We get a lot of portfolios every year and thought (particularly as times are tough for the graduate industrial designer) it might be useful to list what we look for in a portfolio and CV. This is just our opinion – always try to get direct feedback from other industrial designers out there. As with any design project be prepared to re-think your approach when it comes to the portfolio.
• 90% of CVs we get are just not well thought out and usually have the most relevant stuff on the last page!! Like any good bit of interface design it needs to get the relevant info across quickly and effectively.
• Work experience (especially in a design related capacity) should be FIRST.
• Find out the name of the person you are writing to: We usually bin those addressed ‘Dear Sir/ Madam’ even if they are wonderful. It shows an obvious lack of interest in the company. Do your research.
• If you don’t want to send out a portfolio ensure the web link to your online portfolio is at the top of the CV and obvious.
PDF OR ONLINE PORTFOLIO
• Small portfolio – 3 or 4 projects (maybe 2 pages per project). You need something left to show at the interview!
• A project that is original (not a standard project from your course) always goes down well.
• Show the thinking behind the design – not just a CAD or marker rendering. eg. exploded views card models and rough sketches. Anything that clearly shows the way the product works is great.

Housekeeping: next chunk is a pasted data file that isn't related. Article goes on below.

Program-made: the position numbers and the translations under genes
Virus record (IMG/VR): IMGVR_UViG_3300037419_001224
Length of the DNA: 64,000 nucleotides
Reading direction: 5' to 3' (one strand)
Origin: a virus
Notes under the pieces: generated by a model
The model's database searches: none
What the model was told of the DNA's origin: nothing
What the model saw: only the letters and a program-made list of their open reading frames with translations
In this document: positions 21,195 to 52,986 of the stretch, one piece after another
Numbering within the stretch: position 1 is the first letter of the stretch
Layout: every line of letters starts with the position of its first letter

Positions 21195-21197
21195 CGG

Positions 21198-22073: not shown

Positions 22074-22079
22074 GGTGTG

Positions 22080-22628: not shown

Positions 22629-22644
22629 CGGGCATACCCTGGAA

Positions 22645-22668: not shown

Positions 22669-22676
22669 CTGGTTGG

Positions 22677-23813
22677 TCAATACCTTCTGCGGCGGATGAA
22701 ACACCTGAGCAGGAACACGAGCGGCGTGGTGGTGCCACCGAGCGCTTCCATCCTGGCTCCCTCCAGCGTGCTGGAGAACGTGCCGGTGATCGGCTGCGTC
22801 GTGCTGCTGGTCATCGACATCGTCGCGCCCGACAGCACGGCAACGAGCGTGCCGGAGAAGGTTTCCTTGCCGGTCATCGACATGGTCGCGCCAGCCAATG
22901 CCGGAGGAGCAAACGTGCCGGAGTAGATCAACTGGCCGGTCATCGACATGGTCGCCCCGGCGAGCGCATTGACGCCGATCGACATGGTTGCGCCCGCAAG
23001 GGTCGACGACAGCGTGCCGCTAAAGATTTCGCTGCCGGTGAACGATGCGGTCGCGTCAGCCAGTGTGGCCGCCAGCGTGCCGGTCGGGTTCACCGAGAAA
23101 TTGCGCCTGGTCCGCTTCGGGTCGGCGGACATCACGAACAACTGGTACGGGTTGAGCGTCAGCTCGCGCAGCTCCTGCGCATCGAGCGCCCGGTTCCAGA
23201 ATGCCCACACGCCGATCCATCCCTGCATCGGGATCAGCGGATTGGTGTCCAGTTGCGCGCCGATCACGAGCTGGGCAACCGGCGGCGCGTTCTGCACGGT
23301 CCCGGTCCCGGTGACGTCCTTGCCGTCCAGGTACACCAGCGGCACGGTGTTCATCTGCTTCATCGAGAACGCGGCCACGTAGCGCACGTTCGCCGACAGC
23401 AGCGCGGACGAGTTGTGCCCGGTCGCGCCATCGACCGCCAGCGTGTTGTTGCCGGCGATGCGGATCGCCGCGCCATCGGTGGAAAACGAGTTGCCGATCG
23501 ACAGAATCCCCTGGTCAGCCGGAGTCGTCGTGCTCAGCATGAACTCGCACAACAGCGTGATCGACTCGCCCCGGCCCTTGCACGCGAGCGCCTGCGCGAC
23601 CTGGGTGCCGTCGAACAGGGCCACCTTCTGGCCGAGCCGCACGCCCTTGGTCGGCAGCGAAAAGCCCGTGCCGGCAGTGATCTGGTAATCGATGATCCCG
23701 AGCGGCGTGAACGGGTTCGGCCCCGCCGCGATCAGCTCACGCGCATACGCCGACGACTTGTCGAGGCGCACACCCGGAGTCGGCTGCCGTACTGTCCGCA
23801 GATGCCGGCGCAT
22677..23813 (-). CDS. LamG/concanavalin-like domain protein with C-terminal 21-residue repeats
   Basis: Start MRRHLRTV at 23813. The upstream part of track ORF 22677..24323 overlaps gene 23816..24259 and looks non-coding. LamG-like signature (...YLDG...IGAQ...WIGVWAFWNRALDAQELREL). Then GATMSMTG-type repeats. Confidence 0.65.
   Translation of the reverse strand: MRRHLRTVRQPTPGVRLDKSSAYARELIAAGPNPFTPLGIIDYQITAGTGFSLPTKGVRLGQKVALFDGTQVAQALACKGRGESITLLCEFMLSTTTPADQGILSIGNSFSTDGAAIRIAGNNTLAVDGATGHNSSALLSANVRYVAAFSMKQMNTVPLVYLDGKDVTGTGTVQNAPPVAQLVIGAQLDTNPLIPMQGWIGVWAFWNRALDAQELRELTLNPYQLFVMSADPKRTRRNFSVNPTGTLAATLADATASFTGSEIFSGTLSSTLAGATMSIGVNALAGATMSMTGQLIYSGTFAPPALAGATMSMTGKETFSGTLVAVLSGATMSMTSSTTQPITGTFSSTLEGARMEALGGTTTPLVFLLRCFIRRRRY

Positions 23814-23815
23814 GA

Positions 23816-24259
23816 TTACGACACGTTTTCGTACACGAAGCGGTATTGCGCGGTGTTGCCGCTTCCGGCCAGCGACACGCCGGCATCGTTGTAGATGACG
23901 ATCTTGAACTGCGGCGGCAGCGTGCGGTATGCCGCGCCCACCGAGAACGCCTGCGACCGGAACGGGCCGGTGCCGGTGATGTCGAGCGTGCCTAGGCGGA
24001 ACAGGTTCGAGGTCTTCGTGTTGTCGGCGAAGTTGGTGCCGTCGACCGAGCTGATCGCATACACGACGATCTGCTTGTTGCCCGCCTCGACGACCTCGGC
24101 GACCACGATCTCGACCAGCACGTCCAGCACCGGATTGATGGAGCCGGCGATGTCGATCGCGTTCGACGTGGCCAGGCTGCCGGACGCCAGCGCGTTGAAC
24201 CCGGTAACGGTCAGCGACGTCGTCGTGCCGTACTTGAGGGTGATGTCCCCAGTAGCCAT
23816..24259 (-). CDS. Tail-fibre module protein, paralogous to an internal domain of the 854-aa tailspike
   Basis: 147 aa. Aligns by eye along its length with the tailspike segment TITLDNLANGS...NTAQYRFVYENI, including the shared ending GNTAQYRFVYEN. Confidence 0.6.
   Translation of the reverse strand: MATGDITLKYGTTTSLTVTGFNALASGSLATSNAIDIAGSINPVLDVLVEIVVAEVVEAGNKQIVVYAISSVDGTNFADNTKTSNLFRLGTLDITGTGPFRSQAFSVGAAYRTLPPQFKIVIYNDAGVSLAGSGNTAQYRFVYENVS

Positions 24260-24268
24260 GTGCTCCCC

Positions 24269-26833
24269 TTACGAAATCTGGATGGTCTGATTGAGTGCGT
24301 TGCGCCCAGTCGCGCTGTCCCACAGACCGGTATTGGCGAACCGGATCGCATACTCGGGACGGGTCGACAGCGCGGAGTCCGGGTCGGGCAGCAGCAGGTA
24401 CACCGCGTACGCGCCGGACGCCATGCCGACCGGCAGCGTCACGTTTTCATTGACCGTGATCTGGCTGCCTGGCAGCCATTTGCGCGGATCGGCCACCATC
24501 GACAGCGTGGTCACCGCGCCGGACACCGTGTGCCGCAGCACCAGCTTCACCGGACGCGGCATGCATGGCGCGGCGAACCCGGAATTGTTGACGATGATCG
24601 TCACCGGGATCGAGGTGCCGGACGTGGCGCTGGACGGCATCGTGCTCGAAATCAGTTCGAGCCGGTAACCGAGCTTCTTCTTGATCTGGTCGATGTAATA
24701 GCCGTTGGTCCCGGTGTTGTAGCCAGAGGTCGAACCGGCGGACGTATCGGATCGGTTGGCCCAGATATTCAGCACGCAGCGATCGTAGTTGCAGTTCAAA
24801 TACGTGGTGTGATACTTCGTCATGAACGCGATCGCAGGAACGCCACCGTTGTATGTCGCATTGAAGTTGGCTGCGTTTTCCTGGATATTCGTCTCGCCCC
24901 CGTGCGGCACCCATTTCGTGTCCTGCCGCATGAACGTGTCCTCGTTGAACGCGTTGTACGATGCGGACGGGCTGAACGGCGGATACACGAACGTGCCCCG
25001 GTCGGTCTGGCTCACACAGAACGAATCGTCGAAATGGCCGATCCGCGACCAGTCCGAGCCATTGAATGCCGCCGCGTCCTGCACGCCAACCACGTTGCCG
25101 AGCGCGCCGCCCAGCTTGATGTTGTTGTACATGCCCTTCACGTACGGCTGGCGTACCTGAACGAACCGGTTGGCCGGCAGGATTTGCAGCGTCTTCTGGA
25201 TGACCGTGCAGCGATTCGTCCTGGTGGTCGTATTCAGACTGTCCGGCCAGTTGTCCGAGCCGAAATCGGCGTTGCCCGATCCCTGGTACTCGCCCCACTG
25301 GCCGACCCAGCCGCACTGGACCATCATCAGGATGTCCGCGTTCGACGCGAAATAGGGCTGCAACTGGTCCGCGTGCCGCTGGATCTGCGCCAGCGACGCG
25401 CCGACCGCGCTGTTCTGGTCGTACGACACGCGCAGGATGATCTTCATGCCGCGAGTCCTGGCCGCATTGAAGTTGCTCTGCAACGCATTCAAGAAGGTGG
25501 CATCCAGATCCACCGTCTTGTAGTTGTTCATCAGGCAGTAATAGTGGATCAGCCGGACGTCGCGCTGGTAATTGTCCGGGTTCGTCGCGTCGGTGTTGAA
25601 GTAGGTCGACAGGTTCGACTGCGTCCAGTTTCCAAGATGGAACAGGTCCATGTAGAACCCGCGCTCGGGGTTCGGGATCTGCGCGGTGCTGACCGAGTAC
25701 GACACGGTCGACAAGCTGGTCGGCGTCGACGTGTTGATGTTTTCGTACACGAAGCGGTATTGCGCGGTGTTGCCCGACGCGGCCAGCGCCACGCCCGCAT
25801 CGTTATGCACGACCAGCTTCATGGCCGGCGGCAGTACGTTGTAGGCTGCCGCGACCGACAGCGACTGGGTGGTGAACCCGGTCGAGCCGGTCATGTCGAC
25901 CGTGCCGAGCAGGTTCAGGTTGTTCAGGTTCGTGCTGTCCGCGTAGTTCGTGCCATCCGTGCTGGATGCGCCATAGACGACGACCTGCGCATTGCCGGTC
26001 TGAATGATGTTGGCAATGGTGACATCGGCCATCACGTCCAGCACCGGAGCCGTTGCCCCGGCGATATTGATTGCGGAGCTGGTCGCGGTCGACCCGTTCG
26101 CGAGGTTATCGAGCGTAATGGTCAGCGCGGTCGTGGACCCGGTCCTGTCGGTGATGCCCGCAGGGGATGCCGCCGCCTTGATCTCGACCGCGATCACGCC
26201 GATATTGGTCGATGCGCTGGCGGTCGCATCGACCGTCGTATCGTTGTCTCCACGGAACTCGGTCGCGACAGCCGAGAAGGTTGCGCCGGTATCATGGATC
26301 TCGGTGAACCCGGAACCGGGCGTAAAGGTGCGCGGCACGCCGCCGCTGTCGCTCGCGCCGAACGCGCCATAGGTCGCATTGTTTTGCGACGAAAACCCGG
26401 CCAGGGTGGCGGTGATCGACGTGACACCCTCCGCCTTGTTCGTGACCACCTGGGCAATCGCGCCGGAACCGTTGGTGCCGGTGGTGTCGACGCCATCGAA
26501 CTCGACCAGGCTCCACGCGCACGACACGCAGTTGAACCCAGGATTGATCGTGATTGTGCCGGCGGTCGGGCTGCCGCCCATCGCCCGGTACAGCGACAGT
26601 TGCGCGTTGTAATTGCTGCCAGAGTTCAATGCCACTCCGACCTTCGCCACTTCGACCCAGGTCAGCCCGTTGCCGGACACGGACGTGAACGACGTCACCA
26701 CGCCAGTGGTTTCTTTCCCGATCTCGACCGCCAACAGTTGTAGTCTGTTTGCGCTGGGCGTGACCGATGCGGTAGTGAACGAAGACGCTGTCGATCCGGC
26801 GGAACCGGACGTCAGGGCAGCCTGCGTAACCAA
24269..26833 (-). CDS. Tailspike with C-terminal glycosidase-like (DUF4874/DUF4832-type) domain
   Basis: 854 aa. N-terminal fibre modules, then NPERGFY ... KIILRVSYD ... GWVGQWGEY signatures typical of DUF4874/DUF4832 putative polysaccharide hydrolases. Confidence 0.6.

• Show some understanding of production processes and materials. A big plus in our view. Ring up a local supplier to get some advice and include that in your presentation.
• Clean layout – minimal backgrounds please, please, please. It makes our eyes hurt otherwise.
• Put your best work FIRST! (or we may get bored…)
What sort of experience should you be going for? Getting manufacturing experience is very important and is something that design consultancies do not always provide. It doesn’t matter what they make but will give you first hand experience of manufacturing and how to design for production. Work experience of this sort will always get you noticed (over and above any cool cad renderings). Check out the local business parks or the trade shows to find suitable manufacturing companies. A excellent book on the subject is ‘Manufacturing Processes for Design Professionals’ by Rob Thompson.
While we are not looking for anyone at the moment we hope this quick list helps in your search.
PS think about starting up a really great design blog – it can be a good way to get noticed… check out Jared Thompson’s Design Juices